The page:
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US$500,000 to rehabilitate Port exit road

September 13, 2016 By Joseph S. Margai

General Manager of the Sierra Leone Port Authority, Abu Bakarr Bangura, has told pressmen last week Thursday that the construction of the authority’s exit road would cost about five hundred thousand United States Dollars (US$500,000).

He said for the past 20 years, they have been trying to improve on the exit road, which he said was very strategic for the operation of the Port and that they wish they could get some government funding to fast track the project.

 “The whole Port is being powered by solar panels. We have outsourced the Marine Slip Way which is now the only garage for marine vessels in Sierra Leone. We have been rated first in the first quarter of 2016,” he said.

He noted that they have restructured the Port and that in December 2015, they paid end of service benefit to every employee of the Port, while many were on training.

He disclosed that they would outsource the towing service of the harbor department.

 “The reason for outsourcing this is that we don’t have the financial and technical capacity to maintain what are needed for the smooth running of the department,” he said.

He said the expansion project of the Port would be the next project they would focus on, and that that at the moment they have six berths-two for bulk and break bulk cargo and the four for containers.

The Port’s General Manager disclosed that the additional berth would be constructed by Bollore Freetown Terminal and that the seventh berth would be about 270 meters long with a draft of 13 meters.

He said the development would enable the port accommodate bigger vessels.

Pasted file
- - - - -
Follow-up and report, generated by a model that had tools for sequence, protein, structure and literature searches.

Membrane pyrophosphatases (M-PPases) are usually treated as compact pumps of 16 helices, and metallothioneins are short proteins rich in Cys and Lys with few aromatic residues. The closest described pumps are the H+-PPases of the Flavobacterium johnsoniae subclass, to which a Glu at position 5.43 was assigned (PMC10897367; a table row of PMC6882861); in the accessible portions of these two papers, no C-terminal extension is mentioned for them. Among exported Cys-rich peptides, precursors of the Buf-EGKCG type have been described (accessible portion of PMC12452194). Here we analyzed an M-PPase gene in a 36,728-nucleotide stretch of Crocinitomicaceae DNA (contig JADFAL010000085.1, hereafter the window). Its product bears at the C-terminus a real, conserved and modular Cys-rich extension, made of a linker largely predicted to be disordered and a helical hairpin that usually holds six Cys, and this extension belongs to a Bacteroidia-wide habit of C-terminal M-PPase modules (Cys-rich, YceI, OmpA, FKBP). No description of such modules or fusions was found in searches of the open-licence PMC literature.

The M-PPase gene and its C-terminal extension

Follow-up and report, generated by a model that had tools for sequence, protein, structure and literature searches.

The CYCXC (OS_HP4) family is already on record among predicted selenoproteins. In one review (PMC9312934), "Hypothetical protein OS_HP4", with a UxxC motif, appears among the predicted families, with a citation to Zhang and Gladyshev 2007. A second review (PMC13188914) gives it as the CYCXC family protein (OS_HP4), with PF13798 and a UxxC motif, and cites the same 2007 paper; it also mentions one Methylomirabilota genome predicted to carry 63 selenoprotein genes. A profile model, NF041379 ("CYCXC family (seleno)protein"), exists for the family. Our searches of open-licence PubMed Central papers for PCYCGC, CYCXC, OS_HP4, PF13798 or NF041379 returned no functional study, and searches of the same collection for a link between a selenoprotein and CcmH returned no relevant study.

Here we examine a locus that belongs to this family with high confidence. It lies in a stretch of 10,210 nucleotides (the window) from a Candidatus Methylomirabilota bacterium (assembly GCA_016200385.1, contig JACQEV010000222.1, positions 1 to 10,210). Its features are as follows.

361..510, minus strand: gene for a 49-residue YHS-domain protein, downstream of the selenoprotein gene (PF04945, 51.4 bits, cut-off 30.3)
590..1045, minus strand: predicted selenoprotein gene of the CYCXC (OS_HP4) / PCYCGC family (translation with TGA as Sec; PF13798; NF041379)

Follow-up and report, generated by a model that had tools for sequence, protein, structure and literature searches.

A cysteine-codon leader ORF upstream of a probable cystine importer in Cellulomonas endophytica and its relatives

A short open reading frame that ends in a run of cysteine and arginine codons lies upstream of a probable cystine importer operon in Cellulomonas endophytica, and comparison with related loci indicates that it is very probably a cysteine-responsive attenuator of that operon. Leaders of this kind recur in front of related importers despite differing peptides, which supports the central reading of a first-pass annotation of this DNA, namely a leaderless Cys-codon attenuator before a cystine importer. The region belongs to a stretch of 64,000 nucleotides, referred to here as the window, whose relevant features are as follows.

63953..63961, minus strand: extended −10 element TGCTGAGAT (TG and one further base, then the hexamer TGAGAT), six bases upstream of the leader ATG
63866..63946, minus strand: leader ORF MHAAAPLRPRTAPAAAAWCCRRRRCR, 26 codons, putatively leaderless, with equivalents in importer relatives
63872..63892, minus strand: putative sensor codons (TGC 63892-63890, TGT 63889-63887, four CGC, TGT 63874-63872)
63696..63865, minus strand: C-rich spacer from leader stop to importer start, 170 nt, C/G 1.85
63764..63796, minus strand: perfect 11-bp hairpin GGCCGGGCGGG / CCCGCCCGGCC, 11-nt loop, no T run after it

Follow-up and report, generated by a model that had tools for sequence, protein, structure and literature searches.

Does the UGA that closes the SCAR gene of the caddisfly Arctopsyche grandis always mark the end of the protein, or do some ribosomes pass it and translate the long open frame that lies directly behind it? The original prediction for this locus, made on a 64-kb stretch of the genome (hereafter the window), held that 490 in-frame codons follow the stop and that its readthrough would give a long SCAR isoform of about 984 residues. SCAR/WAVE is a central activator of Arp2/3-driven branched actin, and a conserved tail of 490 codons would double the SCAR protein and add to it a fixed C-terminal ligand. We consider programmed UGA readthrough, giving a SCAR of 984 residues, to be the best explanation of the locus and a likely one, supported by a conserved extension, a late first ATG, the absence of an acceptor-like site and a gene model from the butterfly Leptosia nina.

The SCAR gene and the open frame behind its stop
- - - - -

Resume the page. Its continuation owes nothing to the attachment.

“All these would help us achieve our ultimate goal to transform the Port into a trans-shipment hub. If the Port becomes a trans-shipment hub, it means ships leaving Brazil would transfer their cargoes to smaller ones because the unit price of the cargo would be cheaper,” he said.

The Port General Manager said they would be tasking employees to be more strategic in the delivery of services, adding that he has asked every department to submit their work plans by the end of December.

“We also need to bridge the gap between what is happening at the Port and the perception out there. We are now focusing on transforming the Port into a customer service organization,” he said.

He said customers everywhere in the world should be able to call a toll free line and enquire about issues relating to their containers and other goods at the Port.

“The challenge we have here is that we deal with so many stakeholders including clearing and forwarding agents. These people are not supervised by us and we have no control over them. Some of them take more than they can handle and when anything goes wrong, authorities of the port will be blamed,” he said.